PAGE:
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Monday, November 24, 2008

As Retail Sales Wend Their Weary Way Downhill The NBH Cuts Interest Rates By Half A Percentage Point

Hungarian retail sales continued their long running decline in September, and fell by 0.3% month on month, according to the latest calendar and seasonal adjusted data from the Central Statistics Office. On a calendar adjusted basis there was a fall of 1.6% when compared with September 2007.

Retail sales were down in 2007 by 3.0% in annual terms, following increases of 4.4% in 2006 and 5.6% in 2005. In January-September 2008 the drop is 2.0% when compared with the same period in 2007. Which means that Hungarian retail sales actually peaked on a constant prices basis in August 2006, and since that time we have been falling, with the present level now below that registered on average during 2005. I don't give too many possibilities that we will get back above the 2005 level anytime this decade, and I wouldn't even be too sure about the next one, what with declining and ageing population and everything.

Combined sales of cars, car parts and fuel were down 2.1% year on year in September following against an 8.0% drop in August.

Interest Rates Trimmed 0.5%

In a surprise move which shocked most analysts (and possibly the IMF) Hungary's central bank cut its benchmark interest rate today by 50 basis points (to 11.00%). The Central Bank Monetary Council also reduced the reserve ratio from 5% to 2% to take effect from the December 2008 reserve maintenance period.

“Today's rate cut is not only surprising, but also somewhat reckless given the significant pressure seen recently on the Hungarian forint (HUF). Note that the NBH hiked its key policy rate on October 22 by 300bp in a move to stabilise the forint."
Lars Christensen, Danske Bank

Basically Hungary's economy is currently slowing quite dramatically, with inflation also falling sharply on the back of the slowdown. It seems the NBH monetary council was split on today's decision, which was possibly a knee-jerk reaction to the slowing growth. Put cutting rates (and basically by so little) so soon after raising them so sharply (and following so closely on a major bailout package) gives the impression of having little in the way of policy coherence.

“Market reaction to the rate decision today has been limited. Implied rates were already below the policy rate, and the move should in that sense not affect forward rates. However, looking ahead, we fear that the rate cut will not only be damaging to the NBH's credibility, but will also significantly increase the risk of a weaker forint. Today's rate cut in Hungary should further increase the chances of a rate cut in the other countries of the region."

This the decision would seem to reflect serious concerns within the MPC about the growth outlook (no coincidentally the growth forecast for 2009 has been revised from a positive 2.6% to a negative range between -0.2 and -1.7%) together with excessive optimisim that the IMF package will provide a sufficient anchor for investor expectations to avoid a sharp selloff in the forint. This way of seeing things may well come to seem exceedingly premature as both the ruble and the hyrvnia are in the throes of major downward corrections, while we may be just about to see a wave of devaluations across the EU10 East European states.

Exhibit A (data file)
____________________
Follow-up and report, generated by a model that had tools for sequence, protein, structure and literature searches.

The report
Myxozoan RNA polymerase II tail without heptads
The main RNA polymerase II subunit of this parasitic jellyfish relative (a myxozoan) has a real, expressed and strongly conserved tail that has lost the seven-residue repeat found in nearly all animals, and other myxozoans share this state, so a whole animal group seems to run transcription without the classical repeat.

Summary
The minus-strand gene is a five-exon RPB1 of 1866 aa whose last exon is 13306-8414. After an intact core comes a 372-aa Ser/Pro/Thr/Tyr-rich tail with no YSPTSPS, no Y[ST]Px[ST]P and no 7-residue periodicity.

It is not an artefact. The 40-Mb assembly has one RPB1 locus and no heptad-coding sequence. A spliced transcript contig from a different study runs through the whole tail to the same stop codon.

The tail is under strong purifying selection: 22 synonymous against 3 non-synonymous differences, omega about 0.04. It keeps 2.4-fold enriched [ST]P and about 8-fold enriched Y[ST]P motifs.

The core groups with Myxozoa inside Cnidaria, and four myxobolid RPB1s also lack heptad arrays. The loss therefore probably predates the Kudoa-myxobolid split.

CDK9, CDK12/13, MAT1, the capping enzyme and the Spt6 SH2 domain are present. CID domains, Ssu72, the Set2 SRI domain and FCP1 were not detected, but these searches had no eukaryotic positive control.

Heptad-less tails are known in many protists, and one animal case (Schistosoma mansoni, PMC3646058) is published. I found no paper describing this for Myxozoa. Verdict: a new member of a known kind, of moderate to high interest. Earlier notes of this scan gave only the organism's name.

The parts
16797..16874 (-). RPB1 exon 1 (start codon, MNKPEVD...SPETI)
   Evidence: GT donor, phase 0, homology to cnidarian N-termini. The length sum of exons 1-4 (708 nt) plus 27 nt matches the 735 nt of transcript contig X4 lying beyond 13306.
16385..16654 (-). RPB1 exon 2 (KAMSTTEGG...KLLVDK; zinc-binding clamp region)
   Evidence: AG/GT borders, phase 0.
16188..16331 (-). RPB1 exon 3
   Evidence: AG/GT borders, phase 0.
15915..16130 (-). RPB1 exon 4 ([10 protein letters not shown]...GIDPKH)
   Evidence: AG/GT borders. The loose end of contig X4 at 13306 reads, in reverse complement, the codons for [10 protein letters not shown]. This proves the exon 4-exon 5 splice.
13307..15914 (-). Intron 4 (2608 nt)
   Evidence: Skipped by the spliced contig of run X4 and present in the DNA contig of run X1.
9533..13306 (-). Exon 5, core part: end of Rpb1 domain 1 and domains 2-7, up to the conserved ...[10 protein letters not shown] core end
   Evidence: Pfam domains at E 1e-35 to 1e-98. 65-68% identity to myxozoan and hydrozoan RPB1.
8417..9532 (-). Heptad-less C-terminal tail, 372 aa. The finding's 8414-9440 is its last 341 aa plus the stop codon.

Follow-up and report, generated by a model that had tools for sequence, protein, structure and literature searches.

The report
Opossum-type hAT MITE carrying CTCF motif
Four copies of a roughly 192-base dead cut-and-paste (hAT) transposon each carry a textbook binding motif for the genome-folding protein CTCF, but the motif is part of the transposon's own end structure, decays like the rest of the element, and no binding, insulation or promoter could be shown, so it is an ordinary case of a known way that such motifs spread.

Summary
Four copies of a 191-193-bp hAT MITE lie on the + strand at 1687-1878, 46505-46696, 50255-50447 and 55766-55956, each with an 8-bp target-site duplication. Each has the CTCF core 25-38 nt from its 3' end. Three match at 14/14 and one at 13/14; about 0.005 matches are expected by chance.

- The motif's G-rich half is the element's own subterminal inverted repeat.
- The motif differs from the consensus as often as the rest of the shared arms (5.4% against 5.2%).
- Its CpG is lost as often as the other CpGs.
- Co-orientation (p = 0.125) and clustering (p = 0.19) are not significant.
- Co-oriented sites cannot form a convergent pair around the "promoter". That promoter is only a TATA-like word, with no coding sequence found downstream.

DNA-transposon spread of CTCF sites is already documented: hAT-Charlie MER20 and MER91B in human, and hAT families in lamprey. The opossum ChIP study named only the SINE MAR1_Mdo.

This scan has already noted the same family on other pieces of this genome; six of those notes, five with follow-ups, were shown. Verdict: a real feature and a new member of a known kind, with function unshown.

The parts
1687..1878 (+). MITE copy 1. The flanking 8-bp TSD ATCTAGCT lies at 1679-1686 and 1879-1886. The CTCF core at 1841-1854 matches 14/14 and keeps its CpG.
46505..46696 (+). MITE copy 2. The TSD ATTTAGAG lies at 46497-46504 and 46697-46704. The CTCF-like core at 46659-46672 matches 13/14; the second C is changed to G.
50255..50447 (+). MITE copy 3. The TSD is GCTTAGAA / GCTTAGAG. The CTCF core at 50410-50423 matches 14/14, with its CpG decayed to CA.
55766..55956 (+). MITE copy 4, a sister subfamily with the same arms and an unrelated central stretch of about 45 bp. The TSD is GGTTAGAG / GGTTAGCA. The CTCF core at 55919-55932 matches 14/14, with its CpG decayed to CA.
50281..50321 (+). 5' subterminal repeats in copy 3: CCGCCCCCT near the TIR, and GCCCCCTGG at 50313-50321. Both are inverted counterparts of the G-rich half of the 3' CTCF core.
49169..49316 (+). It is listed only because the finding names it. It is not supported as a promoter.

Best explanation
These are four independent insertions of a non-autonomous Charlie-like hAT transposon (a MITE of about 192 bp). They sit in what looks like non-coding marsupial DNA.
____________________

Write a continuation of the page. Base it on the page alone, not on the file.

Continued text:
Inflation Heading Towards Deflation?

Hungary's annual inflation rate fell for a third consecutive month in October, and was down to 5.1 percent from 5.7 percent in September, according to the most recent data from the Budapest-based statistics office. Consumer prices rose 0.2 percent on the month.

Falling oil and food prices are slowing inflation, which has to date exceeded the central bank's 3 percent target since August 2006.

Wednesday, November 19, 2008

Construction Down And Wages Up In September

Output in Hungary's construction industry fell again in September - down 1.4% over the August level - although on a seasonal and working day adjusted basis it was up slightly (by 0.3%) over September 2007, according to data out this week from the Central Statistics Office (KSH).

Construction industry new orders on the other hand were down 9.0% over September 2007 following a 9.2% annual drop in August. New orders for buildings were down 20.4% while civil engineering orders were up slightly (3.6%). If we look at the seasonal and working day adjusted monthly index chart (which is the best general measure of output at this point - see below) we can see that output levels are now well below those of 2006, and there is little prospect of any substantial recovery in the foreseeable future.

Real Wages Continue To Rise In September

Real wages in both the public and private sectors continued to move up in Hungary in September, despite the evidently very difficult macroeconomic and financial situation of the country. Hungarian gross wages were up by 8.4% year on year in September, up sharply from a downward adjusted 7.1% in August. Real wage growth came out at an annual 1.6% in September (given that inflation fell to 5.7% and net wages were up 7.4%). The latest figure compares with near-zero levels in recent months. More importantly perhaps, the closely watched ex-bonus wage growth in the private sector was up by an annual 9.0% (from 7.6% in August) while in the public sector it came to 6.4% (from 6.2% in August). This means that real ex-bonus wage growth in the private sector was 3.3% (see chart below).

At the same time the number of people employed in companies with at least 5 employees fell by 4,000 people in September to 2.741 million, down by about 5,000 over September 2007. The biggest fall in private sector employment only came in October, so the current statistics do not yet show this impact. While the number of those employed in the public sector rose a little in September (a normal seasonal phenomenon) in annual terms there were 2.3% fewer people (725,000 employed) working in the public sector.

Thursday, November 06, 2008

Hungary Creates a $3 Billion Bank Support Package